In The Age of Em, Robin Hanson is pretty optimistic about our ability to forecast the long-term future:
Some say that there is little point in trying to foresee the non-immediate future. But in fact there have been many successful forecasts of this sort.
In the rest of this section, Hanson cites eight examples of forecasting success.1 Two of his examples of “success” are forecasts of technologies that haven’t arrived yet: atomically precise manufacturing and advanced starships. Another of his examples is The Year 2000:
A particularly accurate book in predicting the future was The Year 2000, a 1967 book by Herman Kahn and Anthony Wiener (Kahn and Wiener 1967). It accurately predicted population, was 80% correct for computer and communication technology, and 50% correct for other technology (Albright 2002).
As it happens, when I first read this paragraph I had already begun to evaluate the technology forecasts from The Year 2000 for the Open Philanthropy Project, relying on the same source Hanson did for determining which forecasts came true and which did not (Albright 2002).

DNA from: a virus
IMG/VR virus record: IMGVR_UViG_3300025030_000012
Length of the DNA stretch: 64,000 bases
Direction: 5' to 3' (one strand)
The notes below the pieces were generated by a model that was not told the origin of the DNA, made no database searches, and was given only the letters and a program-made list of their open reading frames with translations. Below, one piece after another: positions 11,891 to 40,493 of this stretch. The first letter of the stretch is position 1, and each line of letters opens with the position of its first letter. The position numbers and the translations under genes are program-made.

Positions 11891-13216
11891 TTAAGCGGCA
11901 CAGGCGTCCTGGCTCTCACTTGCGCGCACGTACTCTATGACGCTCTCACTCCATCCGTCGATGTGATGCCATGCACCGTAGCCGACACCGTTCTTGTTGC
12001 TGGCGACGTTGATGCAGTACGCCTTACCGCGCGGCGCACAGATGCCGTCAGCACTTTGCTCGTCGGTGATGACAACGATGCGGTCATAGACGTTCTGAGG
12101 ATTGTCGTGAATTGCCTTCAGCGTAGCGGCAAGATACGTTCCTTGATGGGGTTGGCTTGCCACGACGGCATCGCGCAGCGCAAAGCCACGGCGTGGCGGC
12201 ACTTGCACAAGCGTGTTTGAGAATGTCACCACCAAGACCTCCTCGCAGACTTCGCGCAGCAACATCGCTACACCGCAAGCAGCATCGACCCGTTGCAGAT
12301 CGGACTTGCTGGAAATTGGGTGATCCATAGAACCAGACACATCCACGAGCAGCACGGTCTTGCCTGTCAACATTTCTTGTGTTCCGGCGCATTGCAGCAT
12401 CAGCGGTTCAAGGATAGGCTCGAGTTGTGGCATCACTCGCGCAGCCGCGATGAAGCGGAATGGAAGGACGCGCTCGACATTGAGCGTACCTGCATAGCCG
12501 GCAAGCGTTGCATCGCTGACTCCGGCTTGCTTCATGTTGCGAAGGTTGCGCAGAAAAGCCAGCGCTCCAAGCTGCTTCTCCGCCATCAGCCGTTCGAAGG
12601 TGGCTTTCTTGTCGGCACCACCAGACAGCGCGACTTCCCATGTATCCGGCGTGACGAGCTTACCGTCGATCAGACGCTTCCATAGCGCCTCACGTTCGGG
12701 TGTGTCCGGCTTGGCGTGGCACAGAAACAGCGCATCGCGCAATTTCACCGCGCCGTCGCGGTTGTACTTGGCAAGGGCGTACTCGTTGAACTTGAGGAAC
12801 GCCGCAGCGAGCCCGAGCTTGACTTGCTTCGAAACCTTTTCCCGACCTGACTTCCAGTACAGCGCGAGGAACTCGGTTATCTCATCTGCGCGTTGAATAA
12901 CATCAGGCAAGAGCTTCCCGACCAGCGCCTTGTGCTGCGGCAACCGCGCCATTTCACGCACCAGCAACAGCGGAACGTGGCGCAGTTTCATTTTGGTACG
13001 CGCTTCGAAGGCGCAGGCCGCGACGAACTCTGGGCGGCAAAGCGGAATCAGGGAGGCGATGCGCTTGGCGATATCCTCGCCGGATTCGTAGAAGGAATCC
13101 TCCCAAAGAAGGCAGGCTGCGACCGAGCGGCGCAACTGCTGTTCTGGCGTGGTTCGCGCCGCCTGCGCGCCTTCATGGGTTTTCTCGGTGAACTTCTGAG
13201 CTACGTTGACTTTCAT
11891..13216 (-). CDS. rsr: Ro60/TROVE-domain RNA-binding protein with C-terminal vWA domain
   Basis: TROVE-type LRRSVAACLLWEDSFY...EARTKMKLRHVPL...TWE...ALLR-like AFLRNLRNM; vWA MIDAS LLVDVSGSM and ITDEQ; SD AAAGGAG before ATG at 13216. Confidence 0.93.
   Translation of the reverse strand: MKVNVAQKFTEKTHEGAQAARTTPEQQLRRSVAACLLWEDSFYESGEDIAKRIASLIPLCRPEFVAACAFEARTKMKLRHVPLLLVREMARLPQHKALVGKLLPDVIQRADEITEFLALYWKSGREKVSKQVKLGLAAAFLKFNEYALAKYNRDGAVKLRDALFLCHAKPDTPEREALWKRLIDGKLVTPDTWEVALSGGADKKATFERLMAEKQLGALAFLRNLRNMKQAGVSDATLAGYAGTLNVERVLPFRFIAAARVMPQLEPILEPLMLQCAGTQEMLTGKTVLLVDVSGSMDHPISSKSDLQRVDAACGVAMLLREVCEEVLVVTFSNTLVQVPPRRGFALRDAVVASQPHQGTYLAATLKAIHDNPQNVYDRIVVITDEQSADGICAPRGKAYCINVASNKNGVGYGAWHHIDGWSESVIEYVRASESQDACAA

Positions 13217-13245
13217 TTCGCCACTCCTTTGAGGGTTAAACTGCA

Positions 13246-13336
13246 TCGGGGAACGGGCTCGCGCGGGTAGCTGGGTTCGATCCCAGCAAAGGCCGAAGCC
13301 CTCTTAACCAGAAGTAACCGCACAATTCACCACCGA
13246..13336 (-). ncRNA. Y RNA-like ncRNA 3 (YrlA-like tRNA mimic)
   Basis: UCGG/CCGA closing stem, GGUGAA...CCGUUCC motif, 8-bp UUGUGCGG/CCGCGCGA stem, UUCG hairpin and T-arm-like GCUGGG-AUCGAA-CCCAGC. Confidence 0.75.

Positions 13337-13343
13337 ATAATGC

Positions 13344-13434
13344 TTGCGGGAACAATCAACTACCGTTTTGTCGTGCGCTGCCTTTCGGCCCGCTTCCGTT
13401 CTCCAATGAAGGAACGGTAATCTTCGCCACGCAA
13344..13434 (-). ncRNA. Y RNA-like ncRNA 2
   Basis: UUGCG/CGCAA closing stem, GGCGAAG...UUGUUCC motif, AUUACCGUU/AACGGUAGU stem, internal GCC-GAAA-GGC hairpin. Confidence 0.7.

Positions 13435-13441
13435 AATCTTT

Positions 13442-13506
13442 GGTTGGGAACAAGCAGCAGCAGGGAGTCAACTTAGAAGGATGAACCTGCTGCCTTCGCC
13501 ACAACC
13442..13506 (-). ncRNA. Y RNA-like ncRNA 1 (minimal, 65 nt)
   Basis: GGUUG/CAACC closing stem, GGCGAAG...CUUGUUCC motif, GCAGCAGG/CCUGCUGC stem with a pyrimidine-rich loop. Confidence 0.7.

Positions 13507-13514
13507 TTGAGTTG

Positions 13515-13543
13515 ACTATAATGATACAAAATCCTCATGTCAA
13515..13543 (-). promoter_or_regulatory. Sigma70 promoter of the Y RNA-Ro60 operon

However, my assessment of Kahn & Wiener’s forecasting performance is much less rosy than Hanson’s. For details, see here.
- The Nagy et al. paper, the Charbonneau et al. paper, Albright’s evaluation of forecasts from The Year 2000, the forecasts of John Watkins, the space travel forecasts of Konstantin Tsiolkovsky, the nanotechnology forecasts of K. Eric Drexler, the book on starship designs edited by Benford and Benford, and the 1999 business book by Shapiro and Varian. See Hanson’s book for sources. [↩]